Archive | January 2016

Pusey Hall Great House

During my hunt for great houses in the Vere Parish (now included in Clarendon Parish) I “discovered” the Pusey Hall Great House down a narrow dirt road surrounded by Monymusk cane fields. I parked my truck on the road, walked up the concrete walk, between two brick columns and knocked on the door. I told the occupants, employees of the nearby sugar works, that I was photographing great houses and they gave me permission to photograph the outside and adjacent property. By today’s standards, it wouldn’t be considered a “great house” but back in the eighteenth century it probably rivaled any other houses in the neighborhood. The house was probably constructed in phases with additions added after the original house was built. Today, the house exterior walls are covered with stucco and painted white. The roof is now corrugated metal. There is a large porch across the front, which is now screened. There are extensive brick buildings behind the great house, which probably were used as shops, stables and/or storage but are now used as a goat corral. These walls are very thick. Additionally, the original kitchen (?) building is still standing constructed of Spanish walling.

Benjamin and Mary Pusey were the original owners of the estate and eventually moved to Cherry Hill and Cherry Garden Estates. The Pusey Hill Estate then passed on to William Pusey (1741-1783) and his wife Elizabeth. William Pusey became a Colonel in the Middlesex Regiment of Horse Militia and represented Vere Parish as a Member of the House Assembly. The daughter of Benjamin and Mary Pusey, Elizabeth Mary Pusey married Samuel Wint and their son John Pusey Wint (1781-1876) was sent to England for his education, married an English woman, returned to Jamaica for a time and eventually returned to England where he died. A marble monument to William and Elizabeth Pusey is on one of the interior walls of the Saint Peter’s Anglican Church building in The Alley, not far from the estate. According to the 1811 Jamaica Almanac, the owner was John P. Edwards who owned 360 slaves and 157 cattle. Edwards died in 1823 and the property passed to his heirs and at the time the estate owned 249 slaves and 268 cattle. By 1828, the estate was sold and ceased to exist on the property rolls.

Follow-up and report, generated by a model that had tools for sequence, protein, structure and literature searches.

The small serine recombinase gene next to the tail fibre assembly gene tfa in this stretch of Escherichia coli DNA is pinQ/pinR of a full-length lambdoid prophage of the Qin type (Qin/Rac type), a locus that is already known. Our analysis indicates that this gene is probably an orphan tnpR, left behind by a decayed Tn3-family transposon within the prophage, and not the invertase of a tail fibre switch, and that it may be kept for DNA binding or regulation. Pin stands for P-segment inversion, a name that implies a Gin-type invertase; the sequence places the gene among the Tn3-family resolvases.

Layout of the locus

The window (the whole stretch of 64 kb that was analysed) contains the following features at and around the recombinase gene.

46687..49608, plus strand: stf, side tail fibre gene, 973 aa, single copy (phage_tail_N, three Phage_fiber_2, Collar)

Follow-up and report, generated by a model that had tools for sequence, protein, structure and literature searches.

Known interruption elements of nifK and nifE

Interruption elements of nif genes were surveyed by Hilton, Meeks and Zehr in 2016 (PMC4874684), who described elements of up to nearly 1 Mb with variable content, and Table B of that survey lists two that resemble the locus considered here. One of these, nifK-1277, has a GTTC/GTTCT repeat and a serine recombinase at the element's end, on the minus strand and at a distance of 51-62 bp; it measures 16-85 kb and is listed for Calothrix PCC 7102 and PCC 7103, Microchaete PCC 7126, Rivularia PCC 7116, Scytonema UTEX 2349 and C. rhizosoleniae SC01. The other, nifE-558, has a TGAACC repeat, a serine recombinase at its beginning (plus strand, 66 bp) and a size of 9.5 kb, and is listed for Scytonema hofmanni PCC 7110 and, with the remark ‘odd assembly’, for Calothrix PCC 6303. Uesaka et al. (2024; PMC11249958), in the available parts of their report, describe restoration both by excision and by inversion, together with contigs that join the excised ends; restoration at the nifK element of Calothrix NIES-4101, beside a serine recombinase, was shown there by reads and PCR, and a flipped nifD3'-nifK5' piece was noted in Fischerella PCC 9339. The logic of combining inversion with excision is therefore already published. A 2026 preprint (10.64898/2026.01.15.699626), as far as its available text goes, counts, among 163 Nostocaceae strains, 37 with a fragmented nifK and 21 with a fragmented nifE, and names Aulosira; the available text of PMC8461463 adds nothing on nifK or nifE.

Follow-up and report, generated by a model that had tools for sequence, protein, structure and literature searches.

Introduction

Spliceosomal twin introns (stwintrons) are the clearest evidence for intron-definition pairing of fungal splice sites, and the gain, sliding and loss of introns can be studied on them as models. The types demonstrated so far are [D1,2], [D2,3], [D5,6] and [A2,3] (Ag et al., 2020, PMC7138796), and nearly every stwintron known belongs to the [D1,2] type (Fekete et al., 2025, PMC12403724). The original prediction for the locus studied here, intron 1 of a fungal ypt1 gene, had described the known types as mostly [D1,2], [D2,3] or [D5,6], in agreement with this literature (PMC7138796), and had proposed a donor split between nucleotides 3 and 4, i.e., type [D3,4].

Pusey Hall Great House Photo Gallery


Pusey Hall Great House Location Map